Editor’s note: Joe Magno is Executive Director, the North Carolina Center of Innovation Network, which is a partner with WRAL TechWire
GREENSBORO – It’s no secret that North Carolina’s public and private higher educational institutions have earned global prominence in their ability to successfully educate scientists, engineers and technologists. Every year significant numbers of our graduates are recruited by local and global corporations that have learned to value the scientific and technical capabilities of students and graduates of our great higher educational institutions. The looming question, however, is “How can we grow more of our own North Carolina STEM-based companies?”
As tomorrow’s global citizens enter higher education with words like “make,” “hack,” and “prototype” embedded in their vocabulary, they are fueling a powerful movement toward “learning by creating.”
Faced with the shifting ambitions of students and changes in institutional funding streams, colleges and universities are embracing “learning by creating,” allowing them to leverage the traditional spirit of an educational community with their students’ growing entrepreneurial interests.
Responding to this trend, many institutions are adopting powerful new models to attract new entrepreneurially focused students and evolving from historically siloed disciplinary thinking and empowering new levels of discovery and attempting to build more vibrant regional economies.
These newly formed, university-based “innovation + incubator + maker centers” focus on multi-disciplinary inquiry that fosters partnerships with industry and leverages available grants and funding for research. By advancing these concepts universities are hoping to recruit fresh talent, establish new partnerships for success, and promote an environment where students, researchers and partners can work toward solving the complex challenges of today’s global economy while supporting the primary educational mission.
That said, introducing the words “Innovation Center” and developing one are two very different things, and different models are evolving based upon an institution’s existing strengths and relationships.
At this point, three specific types of innovation centers are evolving, and academic leaders must make key strategic decisions to ensure they select a relevant and powerful model that can succeed for their own institution. Understanding each model is critical as a university considers which model is right for their institution.
Here’s a look at each model:
- The Multi-Disciplinary Learning Model
Many academic institutions are crossing traditional academic lines to create and promote what is referred to as “Multi-Disciplinary Innovation Center Solutions”. This model drives cross-pollination and brings together diverse fields to expand potential for developing unique and cross pollinated practical new products and accelerate discovery through problem-based, multi-disciplinary structures designed to address 21st-century challenges.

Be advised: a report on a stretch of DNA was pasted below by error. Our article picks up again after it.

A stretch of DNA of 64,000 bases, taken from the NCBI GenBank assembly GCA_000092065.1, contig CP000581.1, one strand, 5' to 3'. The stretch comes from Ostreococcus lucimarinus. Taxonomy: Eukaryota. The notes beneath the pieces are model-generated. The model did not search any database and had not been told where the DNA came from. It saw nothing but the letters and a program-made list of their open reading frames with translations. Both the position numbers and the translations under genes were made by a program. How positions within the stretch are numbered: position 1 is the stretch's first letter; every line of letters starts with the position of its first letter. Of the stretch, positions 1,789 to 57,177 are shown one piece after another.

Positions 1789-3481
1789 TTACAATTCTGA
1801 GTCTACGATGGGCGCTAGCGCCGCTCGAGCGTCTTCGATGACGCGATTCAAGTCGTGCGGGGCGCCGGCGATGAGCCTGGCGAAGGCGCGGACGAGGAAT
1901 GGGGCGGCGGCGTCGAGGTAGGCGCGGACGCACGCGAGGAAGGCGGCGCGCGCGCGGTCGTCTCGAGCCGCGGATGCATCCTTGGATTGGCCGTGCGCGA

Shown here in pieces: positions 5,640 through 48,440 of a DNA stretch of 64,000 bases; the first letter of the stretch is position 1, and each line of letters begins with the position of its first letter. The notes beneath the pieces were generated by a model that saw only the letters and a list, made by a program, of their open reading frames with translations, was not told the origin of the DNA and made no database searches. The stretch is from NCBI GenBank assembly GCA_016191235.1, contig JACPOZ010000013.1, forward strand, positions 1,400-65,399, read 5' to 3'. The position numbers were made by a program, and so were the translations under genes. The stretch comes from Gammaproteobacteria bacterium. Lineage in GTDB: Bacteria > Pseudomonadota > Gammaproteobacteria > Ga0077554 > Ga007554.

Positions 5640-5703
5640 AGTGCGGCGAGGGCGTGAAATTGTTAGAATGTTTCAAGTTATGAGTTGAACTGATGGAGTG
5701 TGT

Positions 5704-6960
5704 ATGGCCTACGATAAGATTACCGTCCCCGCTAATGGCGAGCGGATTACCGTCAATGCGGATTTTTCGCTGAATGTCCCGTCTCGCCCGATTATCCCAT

- Industry Supported Innovation Centers
In this model the university leverages partnerships with private industry allowing industry partners, researchers, and students to work together in a structured and agreed to manner. It provides participating companies not only an opportunity to develop new products and services, but also an opportunity to “scout” for new talent prepared and accustomed to a corporate culture. It concurrently provides university students and researchers an opportunity to solve real world problems and leverage their ability to cast “fresh eyes” on real world challenges faced by participating companies, not to mention engender financial support.
- Entrepreneurship Focused Innovation Centers
In this model the university provides students both facilities, including traditional incubators, and specific curricula to provide students the tools that might help them to launch new companies and work more effectively in entrepreneurial settings.
These models are all intended to break down traditional academic silos and foster interaction and innovation. Traditional Business Schools are fostering what is referred to as “design thinking”. Engineering schools are discovering the humanities, and collaborative engagements across department borders are being encouraged and in fact, rewarded. Words such as Innovation, Incubation, Entrepreneurship and Partnerships regardless of the model are truly part of the new academic vernacular.
As North Carolina continues to grow, our economy and organizations across the state need to invest resources in this worthwhile endeavor. It may be time to modify our words and our dialogue to better describe how the methodology for growing companies in the 21st century is evolving.
Note this quote:
“The key to our success…will be to compete by developing new products, by generating new industries, by maintaining our role as the world’s engine of scientific discovery and technological innovation. It’s absolutely essential to our future.”
– President Barack Obama, November 17, 2010
Undoubtedly these approaches will need some time to mature … MIT and Stanford are examples of the time such things need. It’s time to renew our support for our great North Carolina institutions.
(C) NC COIN